Minnesota Duluth notes: The Bulldogs top three scorers, Audrey Cournoyer, Katherine Wilson and Jessica Wong were held to a combined one point on the weekend as Wong tallied one assist. Senior Haley Irwin was not in attendance for the series as Team Canada called-up its players to prepare for the Four Nations Cup. Top newcomer Jenna McParland was also kept off the score sheet in both games. Jenny Harss had a solid weekend in net, but the Gophers proved to be too tough and her 66 saves weren't enough for a Bulldog win.
No. 10 Bemidji State at Minnesota State
I knew Minnesota State would play Bemidji State well, but I wasn't expecting anything less than a sweep for Bemidji State. In their first-ever game with a national ranking, the Beavers faltered and dropped a decision in overtime to the Mavericks. Minnesota State out-shot Bemidji State, 31-21, in the upset and scored with 17 seconds remaining in overtime to pick up their fifth win of the season. Rebounding on Saturday, Bemidji State shut out the Mavericks, but the scoring woes continued as the Beavers only managed a 1-0 win.
Bemidji State notes: The Beavers were missing one of their top forwards in Emily Erickson due to an injury. Even with that in mind, Bemidji State lacked any scoring from their other top goal producers in Sadie Lundquist and Montana Vichorek. Mackenzie Thurston was the only BSU player to record multiple points on the weekend. While the scoring may have struggled, goaltending was not a problem as Zuzana Tomcikova made 52 saves on the weekend with a .963 save percentage.
Minnesota State notes: Ariel Mackley scored the OT-goal, while Kari Lundberg scored the first goal of the game on Friday. Alli Altmann played in net on Friday and recorded 20 saves for her fourth win of the season. Danielle Butters played in goal on Saturday and made a season-high 31 saves in the 1-0 loss.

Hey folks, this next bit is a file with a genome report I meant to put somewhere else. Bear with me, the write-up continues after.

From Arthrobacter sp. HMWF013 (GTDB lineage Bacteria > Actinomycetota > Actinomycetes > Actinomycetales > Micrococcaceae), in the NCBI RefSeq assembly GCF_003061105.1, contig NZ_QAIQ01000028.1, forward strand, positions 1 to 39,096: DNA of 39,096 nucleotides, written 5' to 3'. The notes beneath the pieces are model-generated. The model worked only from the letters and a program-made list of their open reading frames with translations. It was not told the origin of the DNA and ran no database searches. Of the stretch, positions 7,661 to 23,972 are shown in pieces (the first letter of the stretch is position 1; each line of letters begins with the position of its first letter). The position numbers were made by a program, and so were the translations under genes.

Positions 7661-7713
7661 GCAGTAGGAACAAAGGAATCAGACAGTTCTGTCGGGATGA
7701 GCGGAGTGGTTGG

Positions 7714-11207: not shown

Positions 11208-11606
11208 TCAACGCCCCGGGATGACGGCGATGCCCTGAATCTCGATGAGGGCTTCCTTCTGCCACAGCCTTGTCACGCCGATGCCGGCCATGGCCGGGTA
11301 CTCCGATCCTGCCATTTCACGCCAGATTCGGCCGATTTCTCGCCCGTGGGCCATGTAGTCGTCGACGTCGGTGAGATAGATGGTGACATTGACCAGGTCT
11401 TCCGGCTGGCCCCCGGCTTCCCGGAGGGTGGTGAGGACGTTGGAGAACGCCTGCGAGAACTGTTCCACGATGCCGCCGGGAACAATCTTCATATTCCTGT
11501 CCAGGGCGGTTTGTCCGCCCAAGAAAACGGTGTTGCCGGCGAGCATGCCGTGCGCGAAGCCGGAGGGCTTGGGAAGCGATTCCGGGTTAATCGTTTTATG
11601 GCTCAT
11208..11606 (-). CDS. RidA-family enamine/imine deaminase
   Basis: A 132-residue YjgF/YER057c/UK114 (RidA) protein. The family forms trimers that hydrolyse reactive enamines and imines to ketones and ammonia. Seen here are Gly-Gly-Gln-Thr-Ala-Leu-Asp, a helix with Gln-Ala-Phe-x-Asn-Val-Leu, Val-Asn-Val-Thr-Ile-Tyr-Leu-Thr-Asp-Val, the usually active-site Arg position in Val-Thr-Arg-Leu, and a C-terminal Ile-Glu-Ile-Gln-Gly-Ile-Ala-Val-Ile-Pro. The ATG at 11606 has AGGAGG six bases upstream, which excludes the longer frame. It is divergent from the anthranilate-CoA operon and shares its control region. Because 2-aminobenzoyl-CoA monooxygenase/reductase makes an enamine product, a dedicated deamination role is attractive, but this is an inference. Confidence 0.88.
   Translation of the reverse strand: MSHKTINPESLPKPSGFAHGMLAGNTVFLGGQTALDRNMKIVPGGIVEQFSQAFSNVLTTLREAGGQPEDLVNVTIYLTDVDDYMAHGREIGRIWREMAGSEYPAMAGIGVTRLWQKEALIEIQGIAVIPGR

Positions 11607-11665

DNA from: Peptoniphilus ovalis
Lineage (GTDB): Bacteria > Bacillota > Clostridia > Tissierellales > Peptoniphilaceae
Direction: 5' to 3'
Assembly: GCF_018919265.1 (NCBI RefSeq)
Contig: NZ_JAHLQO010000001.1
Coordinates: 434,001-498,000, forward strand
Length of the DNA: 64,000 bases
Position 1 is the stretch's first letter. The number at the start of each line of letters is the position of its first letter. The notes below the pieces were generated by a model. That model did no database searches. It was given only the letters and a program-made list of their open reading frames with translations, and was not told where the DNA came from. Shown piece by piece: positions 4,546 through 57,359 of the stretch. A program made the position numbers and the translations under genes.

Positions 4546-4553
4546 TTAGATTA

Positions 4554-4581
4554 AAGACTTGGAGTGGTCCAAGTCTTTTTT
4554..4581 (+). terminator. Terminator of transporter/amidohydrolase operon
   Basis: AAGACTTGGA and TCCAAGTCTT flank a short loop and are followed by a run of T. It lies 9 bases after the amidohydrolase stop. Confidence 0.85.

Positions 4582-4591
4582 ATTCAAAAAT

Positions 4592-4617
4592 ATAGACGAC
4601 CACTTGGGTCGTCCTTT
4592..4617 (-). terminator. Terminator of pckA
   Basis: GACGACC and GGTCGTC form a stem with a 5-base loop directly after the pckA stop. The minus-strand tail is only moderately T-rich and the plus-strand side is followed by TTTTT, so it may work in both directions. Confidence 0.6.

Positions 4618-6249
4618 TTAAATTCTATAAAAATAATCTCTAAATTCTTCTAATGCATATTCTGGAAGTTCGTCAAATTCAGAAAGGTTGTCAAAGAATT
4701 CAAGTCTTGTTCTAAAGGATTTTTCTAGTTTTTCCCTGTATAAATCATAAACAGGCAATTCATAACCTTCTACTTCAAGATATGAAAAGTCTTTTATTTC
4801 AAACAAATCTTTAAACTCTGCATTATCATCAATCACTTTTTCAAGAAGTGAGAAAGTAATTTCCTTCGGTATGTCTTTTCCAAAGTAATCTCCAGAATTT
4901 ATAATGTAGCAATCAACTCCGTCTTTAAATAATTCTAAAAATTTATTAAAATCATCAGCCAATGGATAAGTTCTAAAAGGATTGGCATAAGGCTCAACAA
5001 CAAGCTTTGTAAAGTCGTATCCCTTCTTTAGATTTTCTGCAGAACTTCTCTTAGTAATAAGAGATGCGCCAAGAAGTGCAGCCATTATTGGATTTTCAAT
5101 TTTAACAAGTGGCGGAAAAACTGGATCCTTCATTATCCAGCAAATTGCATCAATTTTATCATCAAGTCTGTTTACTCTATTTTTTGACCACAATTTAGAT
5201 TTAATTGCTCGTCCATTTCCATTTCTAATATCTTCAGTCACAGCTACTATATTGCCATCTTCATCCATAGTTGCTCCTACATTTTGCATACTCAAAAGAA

No. 1 Wisconsin at Ohio State
The Buckeyes always seem to play the Badgers well at the OSU Ice Rink and this past weekend was no exception. While the Badgers did walk away with the weekend sweep, it was no cake walk. A combination of a high-pressure forecheck and the small ice surface seemed to bottle-neck Wisconsin at times. After UW opened the scoring on Friday night, OSU responded to make it 1-1. However that would be the last goal for the Buckeyes all weekend as the Badgers netted four consecutive goals to close out the weekend with 3-1 and 2-0 scores. Ohio State out-shot Wisconsin on Saturday, behind a third period rush of 16 shots on goal, but the Badgers remained unfazed and picked up their second win while being out-shot this season.
Wisconsin notes: Alex Rigsby was the Badgers' best player over the weekend as she shut down the Ohio State power play, killing off all eight OSU man advantages. Rigsby made 55 saves on 56 shots to post the best goaltending stats in the conference over the weekend. Newcomers Blayre Turnbull and Karley Sylvester both recorded goals on Friday, while Hilary Knight tallied the game-winner. On Saturday, Brooke Ammerman scored both goals in the 2-0 win.